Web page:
The complaint was submitted by the Israeli NGO on behalf of Palestinian land owners, placing the mechanism facilitating the voluntary evacuation of the Amona outpost in jeopardy.
The Yesh Din complaint is based on Palestinian objections that four of the plots are being used to temporarily house the Amona residents.
The complaint states: "This attack on the property rights of the (Palestinian) residents of Silwad, protected residents of occupied territory, who are protected under conditions stated by the High Court of Justice's ruling ordering the eviction of trespassers and those who illegally build on private property, isn't lawful, and only seeks to protect the government."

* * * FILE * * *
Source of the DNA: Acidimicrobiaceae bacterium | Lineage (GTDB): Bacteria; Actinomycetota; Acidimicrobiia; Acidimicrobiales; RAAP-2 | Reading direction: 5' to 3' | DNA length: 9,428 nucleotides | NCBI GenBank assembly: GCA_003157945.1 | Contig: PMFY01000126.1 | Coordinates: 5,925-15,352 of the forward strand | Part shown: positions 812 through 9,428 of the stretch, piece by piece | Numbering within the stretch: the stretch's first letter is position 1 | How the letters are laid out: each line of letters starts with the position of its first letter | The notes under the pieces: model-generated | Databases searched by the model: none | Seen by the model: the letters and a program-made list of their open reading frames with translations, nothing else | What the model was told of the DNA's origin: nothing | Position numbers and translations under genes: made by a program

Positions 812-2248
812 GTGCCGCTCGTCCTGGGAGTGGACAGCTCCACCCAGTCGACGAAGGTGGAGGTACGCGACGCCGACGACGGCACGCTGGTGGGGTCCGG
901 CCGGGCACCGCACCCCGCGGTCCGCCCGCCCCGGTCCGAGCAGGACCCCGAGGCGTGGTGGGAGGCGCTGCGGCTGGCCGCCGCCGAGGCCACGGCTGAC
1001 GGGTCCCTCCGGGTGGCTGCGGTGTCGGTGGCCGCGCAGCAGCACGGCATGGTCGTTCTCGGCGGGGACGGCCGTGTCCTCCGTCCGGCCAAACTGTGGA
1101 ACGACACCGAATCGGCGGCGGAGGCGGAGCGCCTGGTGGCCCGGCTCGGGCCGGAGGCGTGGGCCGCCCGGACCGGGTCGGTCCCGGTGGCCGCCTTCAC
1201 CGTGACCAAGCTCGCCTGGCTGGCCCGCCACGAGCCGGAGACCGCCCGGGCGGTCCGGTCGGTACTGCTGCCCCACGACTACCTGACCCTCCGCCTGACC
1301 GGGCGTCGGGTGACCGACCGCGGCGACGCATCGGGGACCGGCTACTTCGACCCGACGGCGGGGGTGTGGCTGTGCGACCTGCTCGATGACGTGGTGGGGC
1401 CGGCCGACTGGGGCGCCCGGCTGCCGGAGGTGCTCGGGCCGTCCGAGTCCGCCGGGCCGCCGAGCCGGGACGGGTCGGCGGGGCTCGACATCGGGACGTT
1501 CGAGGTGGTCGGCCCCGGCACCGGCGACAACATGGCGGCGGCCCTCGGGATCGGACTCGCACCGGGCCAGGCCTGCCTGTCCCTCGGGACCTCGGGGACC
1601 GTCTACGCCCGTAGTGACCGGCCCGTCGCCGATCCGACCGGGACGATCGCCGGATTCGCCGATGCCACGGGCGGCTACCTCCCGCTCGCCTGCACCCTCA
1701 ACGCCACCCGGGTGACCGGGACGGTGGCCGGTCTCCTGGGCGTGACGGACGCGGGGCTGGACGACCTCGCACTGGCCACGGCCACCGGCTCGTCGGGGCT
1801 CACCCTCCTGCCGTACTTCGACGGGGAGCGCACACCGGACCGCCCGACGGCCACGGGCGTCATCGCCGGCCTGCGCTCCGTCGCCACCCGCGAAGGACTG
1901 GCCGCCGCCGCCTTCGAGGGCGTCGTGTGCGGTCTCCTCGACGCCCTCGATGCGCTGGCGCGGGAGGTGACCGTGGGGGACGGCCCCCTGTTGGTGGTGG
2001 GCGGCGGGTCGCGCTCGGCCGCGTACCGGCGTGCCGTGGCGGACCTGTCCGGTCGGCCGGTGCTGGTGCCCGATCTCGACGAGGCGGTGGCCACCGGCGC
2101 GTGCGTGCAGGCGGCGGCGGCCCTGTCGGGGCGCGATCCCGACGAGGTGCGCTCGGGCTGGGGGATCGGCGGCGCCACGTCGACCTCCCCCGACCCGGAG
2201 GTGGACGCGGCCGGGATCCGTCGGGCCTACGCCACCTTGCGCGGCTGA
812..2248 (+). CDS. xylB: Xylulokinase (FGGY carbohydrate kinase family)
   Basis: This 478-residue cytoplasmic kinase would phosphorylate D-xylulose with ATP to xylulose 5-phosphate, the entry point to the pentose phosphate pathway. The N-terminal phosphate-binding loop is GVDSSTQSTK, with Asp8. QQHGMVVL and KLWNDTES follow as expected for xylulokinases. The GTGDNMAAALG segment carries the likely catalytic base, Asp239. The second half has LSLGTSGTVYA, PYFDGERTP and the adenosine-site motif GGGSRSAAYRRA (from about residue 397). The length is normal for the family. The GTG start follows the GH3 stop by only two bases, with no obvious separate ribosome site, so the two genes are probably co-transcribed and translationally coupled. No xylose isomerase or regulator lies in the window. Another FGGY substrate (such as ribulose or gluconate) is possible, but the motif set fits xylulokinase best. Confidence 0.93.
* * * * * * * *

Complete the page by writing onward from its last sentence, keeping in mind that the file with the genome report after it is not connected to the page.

The process of building new homes for the evicted Amona residents began last week. The plots which were decided upon were done so out of consideration for Palestinian land owners. Once the plots were announced, land owners had 96 hours to petition the location of the designated land in the case that they were, in fact,on private Palestinian land.
Yesh Din sought out Palestinians who claim private ownership, and were able to petition the construction of the structures.